Remote Working: A brief reflection on the tools of our trade
June 15, 2020
At 8.30pm on 23rd March 2020, Boris Johnson addressed the nation on the measures being introduced to combat the spread of COVID-19, “From this evening I must give the British people a very simple instruction – you must stay at home”. This officially marked the start of lockdown.
Although the strictest of measures are now easing, and some courts are looking to resume some face to face hearings, the underlying message from the Government remains that people should stay at home as much as possible, work from home if you can and limit contact with other people. In a recent article in the Law Society Gazette, Matthew Scott, executive director of the Association of Consumer Support Organisations, was quoted as stating that it was anticipated “a return to anything resembling business as usual seems a fairly distant prospect”.
I would not wish to count the number of COVID-19 related emails that have landed in my Inbox since lockdown began. Most contained various forms of advice on how work may continue under these unusual conditions. Some may have already been using technology to assist their work; I am referring to early adopters of paperless working, those perhaps using a tablet with a pdf reader as a trial or conference bundle or a handwriting recognition app with stylus pen in place of a paper notepad. Beyond that, there has been a growing list of platforms and services to assist with remote working: Cloud Video Platform (CVP), Skype for Business, Microsoft Teams, Zoom, StarLeaf, BT MeetMe and LegalConnect. There are also various software applications that can be used for the preparation of electronic bundles, the most widely known perhaps being Adobe Acrobat Pro DC.
Also, and as someone who loves technology, I have seen, via social media, those who have been purchasing second (and third) screens, tablets, webcams, external microphones and wired or wireless headphones – all in a quest to create their most efficient and effective home office working environment.
Leaving to one side the conduct of trials, all of these tools may assist personal injury practitioners to improve the services we provide and now there is an opportunity to reflect on what we find works best.
Are face to face conferences with clients really necessary? Certainly, time and costs can be saved by holding meetings remotely, but there might be other advantages. In serious injury cases, the injured party may prefer a number of shorter meetings held remotely by video link to a lengthy conference in person in their home. Can any expert assessments be performed by remote means? Could certain medico-legal experts perform follow up assessments remotely by video link if they have held a recent consultation face to face? If so, steps such as these might lead to a reduction in waiting times and in turn reduce delay before a claim is at a stage when it can be resolved.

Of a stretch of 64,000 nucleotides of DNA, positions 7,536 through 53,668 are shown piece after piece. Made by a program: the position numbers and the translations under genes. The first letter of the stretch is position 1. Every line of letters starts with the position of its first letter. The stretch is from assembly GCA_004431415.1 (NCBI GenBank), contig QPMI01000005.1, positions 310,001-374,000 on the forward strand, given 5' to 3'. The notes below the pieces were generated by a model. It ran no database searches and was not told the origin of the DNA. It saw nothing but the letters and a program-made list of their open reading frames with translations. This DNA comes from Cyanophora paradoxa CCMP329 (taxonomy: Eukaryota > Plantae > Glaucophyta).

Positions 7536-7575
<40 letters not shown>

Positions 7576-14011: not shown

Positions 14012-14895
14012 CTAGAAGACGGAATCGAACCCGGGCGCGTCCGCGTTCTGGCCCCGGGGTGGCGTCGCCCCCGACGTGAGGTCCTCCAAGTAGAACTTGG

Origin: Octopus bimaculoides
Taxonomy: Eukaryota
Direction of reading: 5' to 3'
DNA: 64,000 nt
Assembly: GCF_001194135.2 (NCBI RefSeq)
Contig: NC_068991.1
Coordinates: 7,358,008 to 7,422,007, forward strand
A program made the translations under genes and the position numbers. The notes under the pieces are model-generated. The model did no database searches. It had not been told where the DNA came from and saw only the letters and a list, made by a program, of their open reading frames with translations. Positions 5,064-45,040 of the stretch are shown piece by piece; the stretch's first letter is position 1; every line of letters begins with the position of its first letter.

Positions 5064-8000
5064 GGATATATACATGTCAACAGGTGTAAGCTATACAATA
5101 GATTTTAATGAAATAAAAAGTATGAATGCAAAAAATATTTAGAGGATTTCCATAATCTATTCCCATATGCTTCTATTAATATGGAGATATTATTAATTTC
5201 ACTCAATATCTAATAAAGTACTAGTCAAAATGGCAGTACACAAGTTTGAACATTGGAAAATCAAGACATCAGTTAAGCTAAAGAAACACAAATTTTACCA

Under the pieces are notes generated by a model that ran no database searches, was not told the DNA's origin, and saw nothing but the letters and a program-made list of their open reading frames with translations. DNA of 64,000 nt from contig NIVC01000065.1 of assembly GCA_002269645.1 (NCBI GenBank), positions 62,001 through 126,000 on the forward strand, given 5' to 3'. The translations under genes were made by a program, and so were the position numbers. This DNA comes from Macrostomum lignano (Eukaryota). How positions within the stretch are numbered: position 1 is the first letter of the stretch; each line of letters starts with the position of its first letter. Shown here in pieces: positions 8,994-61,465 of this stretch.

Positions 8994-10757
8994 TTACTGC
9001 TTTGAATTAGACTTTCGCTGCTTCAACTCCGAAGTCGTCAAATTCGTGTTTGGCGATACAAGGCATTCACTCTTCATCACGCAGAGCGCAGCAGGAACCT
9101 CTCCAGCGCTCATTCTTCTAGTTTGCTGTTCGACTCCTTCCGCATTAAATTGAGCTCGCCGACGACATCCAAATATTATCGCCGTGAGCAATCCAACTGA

Rather than exchanging numerous emails with one’s instructing solicitor, going forward it might be more effective to book in short video conference calls during which a dynamic discussion of the issues can be undertaken. In fact, in most cases, a very early conference with the client will provide the opportunity for direct questions to be asked and answered and perhaps instil greater comfort in the client that all issues have been considered. In this way, and somewhat counter intuitively, we may find that working remotely results in us building a closer relationship with the client and those instructing us than when we have been free to move around, but largely only corresponded by emails or by the delivery of written advice. In fact, might we see the end of formal written advices when advice can be given swiftly and directly by telephone or video conference call with any matters arising being dealt with immediately?
We should also consider whether any claims can be dealt with away from the courts. Particularly, with the current backlogs. There are a number of formats of ADR which might be considered and Exchange Chambers has set up an Independent Adjudication Service which may be suitable for certain claims. Joint Settlement Meetings work relatively seamlessly by remote video link and it may be much simpler to find a mutually convenient time to hold one if it is by remote means – and more cost effective.
Remote working with its reliance on technology is by no means perfect and we all have examples of situations when we have been let down, but if and when everything works properly there are clear benefits.
Now is the opportunity to take stock of what technology works so that we can improve the service we provide in the future and decide upon our ‘new normal’.
 News article by John Hyde published in the Law Society Gazette on 2nd June 2020 “Business as usual for PI claims ‘a fairly distant prospect’”.
 This software is mentioned in Mr. Justice Mann’s guidance paper on PDF bundles https://www.judiciary.uk/wp-content/uploads/2020/05/GENERAL-GUIDANCE-ON-PDF-BUNDLES-f-1.pdf
Simon Ross is listed as a Tier 1 leading junior for Personal Injury and Clinical Negligence Law in Legal 500 and is ranked in Chambers and Partners. He has sat as a Deputy District Judge for almost a decade. As a result of lockdown and the time saved in commuting, he has capacity for new instructions and can offer a quick turnaround. Please contact his clerk Ian Spencer with any enquiries.